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Factors Influencing Rice Availability in Togo

Raïfatou Affoh , Zhao Guiyu, Aletha Janjey Quoi, Kokou Dangui, Mohammed Sharif Swallah
Journal of Food Security. 2019, 7(4), 109-114. DOI: 10.12691/jfs-7-4-2
Received June 14, 2019; Revised July 20, 2019; Accepted August 01, 2019

Abstract

Rice is among the most consumed cereal crops in Togo with demand growing sharply over the years, due to the population growth and the change in consumer preference. It therefore plays a fundamental role in achieving food security in the country. This paper analyzed the determinants of rice availability in Togo. Secondary time series data from 1989 to 2013 were used. A Fully Modified Least Square (FMLOS) regression was used for the analysis. The study found that rice yield, exchange rate and total arable land had a positive and significant influence on rice supply whereas real per capita gross domestic product and foreign interest rate had negative impacts on rice supply in Togo. Therefore, government policy should focus on increasing the use of improved technologies such as improved seeds and fertilizers to improve rice yield, hence the overall food availability and indirectly food security in Togo.

1. Introduction

Availability of food is one of the major challenges worldwide, particularly for developing countries where crop yield is still very low, making those countries to be import dependent. Food availability, one of the key pillars of food security is defined as the supply of food made-up of domestic food production, food imported, food donation and the domestic stock.

Despite the Millennium Development Goals adopted in 2000 by the United Nations and replaced by the Sustainable Development Goals in 2015 which both aim to eradicate hunger, malnutrition is still a major concern. The total food security has improved extraordinarily over the past 50 years, on account of expanding worldwide per capita food availability and diminishing expenses on food, yet, famine, malnourishment and food insecurity stay across the board 1. Undernourishment people have expanded from around 804 million in 2016 to almost 821 million in 2017 2. Additionally, in 2017, the World Bank noticed that 83 million people in 45 nations were starving and African nations have the most astounding predominance with 20% of their populace starving. In sub-Saharan Africa, a food insecure region, the per capita dietary energy balance is negative.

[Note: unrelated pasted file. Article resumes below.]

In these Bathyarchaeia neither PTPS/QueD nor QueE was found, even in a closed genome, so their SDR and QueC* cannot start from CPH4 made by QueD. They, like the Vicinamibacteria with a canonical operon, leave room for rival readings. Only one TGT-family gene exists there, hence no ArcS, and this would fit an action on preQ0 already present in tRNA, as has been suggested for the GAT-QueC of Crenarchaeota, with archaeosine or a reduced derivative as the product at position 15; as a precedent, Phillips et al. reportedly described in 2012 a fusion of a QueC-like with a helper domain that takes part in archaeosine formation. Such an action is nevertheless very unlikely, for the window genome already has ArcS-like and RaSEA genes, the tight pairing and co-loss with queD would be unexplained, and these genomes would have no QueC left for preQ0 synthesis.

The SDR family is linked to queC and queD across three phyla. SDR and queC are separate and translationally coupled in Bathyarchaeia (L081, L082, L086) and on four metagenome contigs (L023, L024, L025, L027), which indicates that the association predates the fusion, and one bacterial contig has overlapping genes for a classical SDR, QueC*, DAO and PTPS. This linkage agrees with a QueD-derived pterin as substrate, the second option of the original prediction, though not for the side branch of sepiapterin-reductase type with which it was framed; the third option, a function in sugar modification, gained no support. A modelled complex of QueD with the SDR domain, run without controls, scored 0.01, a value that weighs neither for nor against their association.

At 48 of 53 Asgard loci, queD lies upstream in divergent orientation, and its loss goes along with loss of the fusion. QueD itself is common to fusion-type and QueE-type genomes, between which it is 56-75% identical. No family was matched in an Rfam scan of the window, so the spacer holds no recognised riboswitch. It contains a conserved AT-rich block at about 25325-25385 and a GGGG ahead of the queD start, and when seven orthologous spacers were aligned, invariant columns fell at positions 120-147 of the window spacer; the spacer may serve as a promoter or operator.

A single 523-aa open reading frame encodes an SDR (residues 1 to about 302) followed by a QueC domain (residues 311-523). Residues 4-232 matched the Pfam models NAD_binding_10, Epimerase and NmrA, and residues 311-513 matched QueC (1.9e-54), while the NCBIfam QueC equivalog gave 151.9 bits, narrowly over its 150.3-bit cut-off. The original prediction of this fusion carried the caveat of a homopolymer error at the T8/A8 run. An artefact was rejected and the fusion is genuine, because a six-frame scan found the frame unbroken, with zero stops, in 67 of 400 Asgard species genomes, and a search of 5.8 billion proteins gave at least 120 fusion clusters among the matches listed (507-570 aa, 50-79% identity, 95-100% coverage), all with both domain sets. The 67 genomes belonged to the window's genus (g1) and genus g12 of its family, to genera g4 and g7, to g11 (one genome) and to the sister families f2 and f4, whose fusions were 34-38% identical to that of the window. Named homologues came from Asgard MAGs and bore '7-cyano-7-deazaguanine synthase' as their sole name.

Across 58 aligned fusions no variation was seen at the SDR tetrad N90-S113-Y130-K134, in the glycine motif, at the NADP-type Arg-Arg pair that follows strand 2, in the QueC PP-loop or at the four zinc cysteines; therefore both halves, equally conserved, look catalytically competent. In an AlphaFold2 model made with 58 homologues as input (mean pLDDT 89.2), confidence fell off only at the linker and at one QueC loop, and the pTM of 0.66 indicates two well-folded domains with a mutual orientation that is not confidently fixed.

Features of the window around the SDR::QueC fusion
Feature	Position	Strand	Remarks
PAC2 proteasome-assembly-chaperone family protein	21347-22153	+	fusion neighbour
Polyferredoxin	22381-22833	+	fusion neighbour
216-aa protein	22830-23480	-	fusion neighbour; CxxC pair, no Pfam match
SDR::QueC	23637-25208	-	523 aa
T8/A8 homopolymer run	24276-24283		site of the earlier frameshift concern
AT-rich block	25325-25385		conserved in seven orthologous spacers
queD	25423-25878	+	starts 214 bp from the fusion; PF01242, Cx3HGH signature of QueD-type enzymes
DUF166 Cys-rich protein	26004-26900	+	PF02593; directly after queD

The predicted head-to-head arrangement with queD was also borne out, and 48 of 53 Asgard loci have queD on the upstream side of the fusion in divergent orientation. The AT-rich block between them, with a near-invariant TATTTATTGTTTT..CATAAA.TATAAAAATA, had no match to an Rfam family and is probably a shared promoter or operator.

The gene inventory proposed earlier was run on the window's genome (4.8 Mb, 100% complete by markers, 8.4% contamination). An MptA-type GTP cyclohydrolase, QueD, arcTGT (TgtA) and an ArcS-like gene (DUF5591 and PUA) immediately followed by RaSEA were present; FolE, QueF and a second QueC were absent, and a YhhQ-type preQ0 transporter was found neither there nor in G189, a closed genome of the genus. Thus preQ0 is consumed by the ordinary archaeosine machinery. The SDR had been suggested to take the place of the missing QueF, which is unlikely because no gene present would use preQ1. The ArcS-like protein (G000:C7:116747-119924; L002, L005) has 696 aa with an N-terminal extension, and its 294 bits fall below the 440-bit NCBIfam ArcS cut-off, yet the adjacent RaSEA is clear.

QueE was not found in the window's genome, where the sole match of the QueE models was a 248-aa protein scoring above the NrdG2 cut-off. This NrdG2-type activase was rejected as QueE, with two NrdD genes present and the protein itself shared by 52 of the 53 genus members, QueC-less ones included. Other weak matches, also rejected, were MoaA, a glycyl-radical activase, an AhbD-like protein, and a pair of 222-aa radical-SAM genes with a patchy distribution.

In Togo, the Demographic and Health Survey (EDST-III,) conducted in 2014 demonstrated that over 28 percent of 6-59 months old children were experiencing constant lack of healthy food and 6.5 percent from intense hunger (including 1.5 percent from extreme intense malnutrition). The severe malnourishment rate is high, especially in the locales of Kara (7.2 percent) and Savannah (11.2 percent) 3. This can halfway be explained by the sociopolitical and financial disturbance the nation has encountered over the past fifteen years, which disturbance has added to high food instability and under nutrition levels. A sequence of destroying floods has likewise negatively affected the nation's food security. In spite of the fact that it has diminished lately, the general poverty rate still stands at 57.8 percent and the intense hunger rate countrywide is at 4.9 percent 3.

The role of rice in achieving food security is no more to be argued. In fact, rice is the staple food for more than 3.5 billion people worldwide. In 2009, rice has provided more than 20% of their daily calories, 19% of global human per capita energy and 13% of per capita protein. 4. In Togo, rice is the third most consumed staple cereal. According to the Togolese Direction of Agricultural Statistics, Informatics and Documentation (DSID) study on the project "Strengthening the availability and access to rice statistics: a contribution to the emergency initiative for rice in sub-Saharan Africa", the average national consumption is 15 kg per year. With an average population growth rate of 2.4% per year, the annual need for white rice has been estimated by the National Strategy for Rice Development (NRDS) to reach 108,803 tons in 2018. Over the period 2000-2008, rice has counted for 3% in the food production Gross Domestic Product (GDP) estimated to 24.6% of the 40% of agricultural GDP 5. Rice is consumed under different form: it is usually boiled and served with tomato or peanut sauce; consumed as rice porridge drunk with milk; it is also consumed as rice paste in some parts of the country or associated with beans. According to the Togolese Agricultural Institute of Research, four types of rice cultivation are practiced within the country such as irrigated rice farming (19% of the total area), strict rain-fed rice farming (26% of the total area), rain-fed rice farming with lap and lowland rice farming (55% of the total area).